I developed a complicated pain condition last summer and was discharged by my PCP's office following a heated exchange with an uncompassionate NP. I quickly found a new PCP which was necessary because I was suddenly seeing a bunch of other providers and going to the ER frequently. Well, I don't really like this guy too much, he was somewhat dismissive as he didn't have my records from the other providers, and it just seemed like he was trying to get me out of there quickly.
My pain condition has since spawned a couple of other complications that are not diagnosed or fully understood yet. I need someone who has time to work with me and my other providers. I was Googling for PCPs near me and I found someone who is really highly rated, but she's with MDVIP. I've heard of concierge services before, so her $450 a quarter is not a surprise. I just don't know how the rest of it works. Like, are all the other normal things still covered by insurance? Anyone do this?
Post by goldengirlz on Feb 7, 2023 19:09:39 GMT -5
I use One Medical, which is a lot cheaper. I’m not sure if you’d consider it “concierge care” though.
MDVIP says on its website that its doctors do take insurance and its fee covers basic preventive care, labs and wellness. Other concierge practices take no insurance whatsoever but their fees run a lot higher. It just depends.
My good friend is a physician with One Medical. All the usual stuff is covered with insurance etc. It’s basically the same as a refuse dr except you get more time and access (she has an email system so it’s really east to ask her questions anytime, same day availability, nice long appointments etc)
My PCP went to concierge model last year. I assumed it would be out of reach expensive, but it really wasn’t. I’ve seen her in person once and she spent nearly an hour with me. There was absolutely no rushing. The nurse gave me no grief about not wanting to be weighed. It was a great visit.
I’ve texted her a couple times since then, including about a skin issue I was having. It was so nice for her to just give me a quick answer via text than have to wait weeks for an appointment.
She took over all my derm and gyn scripts which is so nice to eliminate unnecessary visits (the derm wanted me there every 6 months for acne medication).
My MIL had an opportunity to be a patient in a concierge medical practice when her primary care doctor switched. As I understand it (and this is a rough understanding), her doctor accepted a limited number of patients into his practice, something like 250 (max), and each patient pays $2,000/year. So, the doctor has a set base of pay/funding to run the practice. Then, as a patient, you get regular medical care (as needed) which may just be annual stuff or can be specialized - based upon your medical needs that year. With such a small client base, the doctor has the time to be attentive. Insurance is billed as usual. So, the doctor is paid as usual (and on top of the annual fee). With the solid base of funding coming in every year, the doctor does not need to churn through a large number of patients to keep his practice funded and going well. (Side note- It also flips the medical model from paying doctors for treating sick patients (for payment, as per usual) to paying doctors for well patients - to keep patients well.)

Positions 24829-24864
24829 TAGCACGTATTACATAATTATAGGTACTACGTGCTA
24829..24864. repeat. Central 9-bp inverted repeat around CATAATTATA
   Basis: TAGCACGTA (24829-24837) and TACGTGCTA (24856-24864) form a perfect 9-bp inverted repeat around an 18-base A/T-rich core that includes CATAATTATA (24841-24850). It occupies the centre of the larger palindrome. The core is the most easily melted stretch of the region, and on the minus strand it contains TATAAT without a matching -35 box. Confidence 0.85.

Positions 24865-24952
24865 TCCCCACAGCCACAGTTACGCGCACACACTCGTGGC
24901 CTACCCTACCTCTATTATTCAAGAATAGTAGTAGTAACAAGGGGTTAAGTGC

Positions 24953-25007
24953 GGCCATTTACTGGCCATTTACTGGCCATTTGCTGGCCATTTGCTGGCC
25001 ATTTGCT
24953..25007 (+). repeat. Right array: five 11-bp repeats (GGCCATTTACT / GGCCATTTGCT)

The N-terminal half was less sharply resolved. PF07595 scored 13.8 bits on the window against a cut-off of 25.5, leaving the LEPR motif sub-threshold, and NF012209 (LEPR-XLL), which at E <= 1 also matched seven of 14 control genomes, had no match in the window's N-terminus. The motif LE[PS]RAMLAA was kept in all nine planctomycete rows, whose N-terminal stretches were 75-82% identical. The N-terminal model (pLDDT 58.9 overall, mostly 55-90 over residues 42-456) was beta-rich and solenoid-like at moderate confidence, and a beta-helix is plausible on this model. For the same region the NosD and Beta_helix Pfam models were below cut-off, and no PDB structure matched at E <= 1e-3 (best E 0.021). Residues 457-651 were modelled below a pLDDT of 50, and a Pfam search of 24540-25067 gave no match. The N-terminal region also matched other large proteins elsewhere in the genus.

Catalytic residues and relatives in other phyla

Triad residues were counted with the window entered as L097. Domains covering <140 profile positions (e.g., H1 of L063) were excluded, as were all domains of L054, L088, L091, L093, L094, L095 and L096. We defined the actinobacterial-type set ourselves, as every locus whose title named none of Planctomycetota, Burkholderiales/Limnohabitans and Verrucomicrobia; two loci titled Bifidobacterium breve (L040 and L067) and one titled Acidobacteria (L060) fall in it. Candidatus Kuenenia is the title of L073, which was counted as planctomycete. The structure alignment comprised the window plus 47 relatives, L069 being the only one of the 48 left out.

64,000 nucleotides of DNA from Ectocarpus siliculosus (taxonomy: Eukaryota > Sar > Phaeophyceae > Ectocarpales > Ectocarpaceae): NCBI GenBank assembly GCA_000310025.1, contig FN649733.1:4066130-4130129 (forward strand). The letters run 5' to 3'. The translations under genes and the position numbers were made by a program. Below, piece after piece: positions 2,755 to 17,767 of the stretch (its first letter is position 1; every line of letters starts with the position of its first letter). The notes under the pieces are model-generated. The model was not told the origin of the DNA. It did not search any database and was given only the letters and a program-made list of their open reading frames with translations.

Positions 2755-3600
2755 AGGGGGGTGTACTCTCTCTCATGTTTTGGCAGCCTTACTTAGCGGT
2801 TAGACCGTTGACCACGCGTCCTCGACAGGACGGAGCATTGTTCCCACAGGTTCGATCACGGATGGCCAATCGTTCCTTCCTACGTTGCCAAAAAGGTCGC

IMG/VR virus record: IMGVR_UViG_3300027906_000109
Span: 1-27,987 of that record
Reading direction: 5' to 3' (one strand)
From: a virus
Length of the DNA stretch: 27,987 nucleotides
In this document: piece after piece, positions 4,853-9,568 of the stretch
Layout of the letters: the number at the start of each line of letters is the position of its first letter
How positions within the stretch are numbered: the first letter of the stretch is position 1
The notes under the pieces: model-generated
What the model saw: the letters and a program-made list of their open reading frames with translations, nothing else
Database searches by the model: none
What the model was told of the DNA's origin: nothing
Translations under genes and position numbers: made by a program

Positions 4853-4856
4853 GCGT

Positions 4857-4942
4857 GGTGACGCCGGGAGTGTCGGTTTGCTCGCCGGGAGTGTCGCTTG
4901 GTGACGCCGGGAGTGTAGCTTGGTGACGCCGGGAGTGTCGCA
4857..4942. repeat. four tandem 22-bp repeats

My friend goes to a concerige doctor. She pays $1500 or $2000 a year (can't remember anymore) and the doc's practice is limited to a certain number of people. She can have unlimited appointments (and she has a couple of medical issues, so this is a big plus for her), appointments don't have a set time; they can be 15 minutes or an hour. She has the doc's cell phone number and can call her any time .
My beloved PCP went concierge. She doesn't charge an annual fee, but it's a cost per visit (e.g., $350 for annual, $99 for sick) with access via email/text included. I'm considering switching to her. I went to the new PCP that took over her patients at the same practice. She seems great and all, but I have a semi-urgent thing I need to see her for--even just a quick telehealth appt--and first available appt is over a month away and her nurse isn't responding to my portal requests. So yeah, I get the appeal of more personalized care and direct access.
In your case, since you have some complicated things going on and need continuity of care, I wonder if you could do a consult of some sort to see if you connect with the doc, etc. before jumping ship on your current PCP.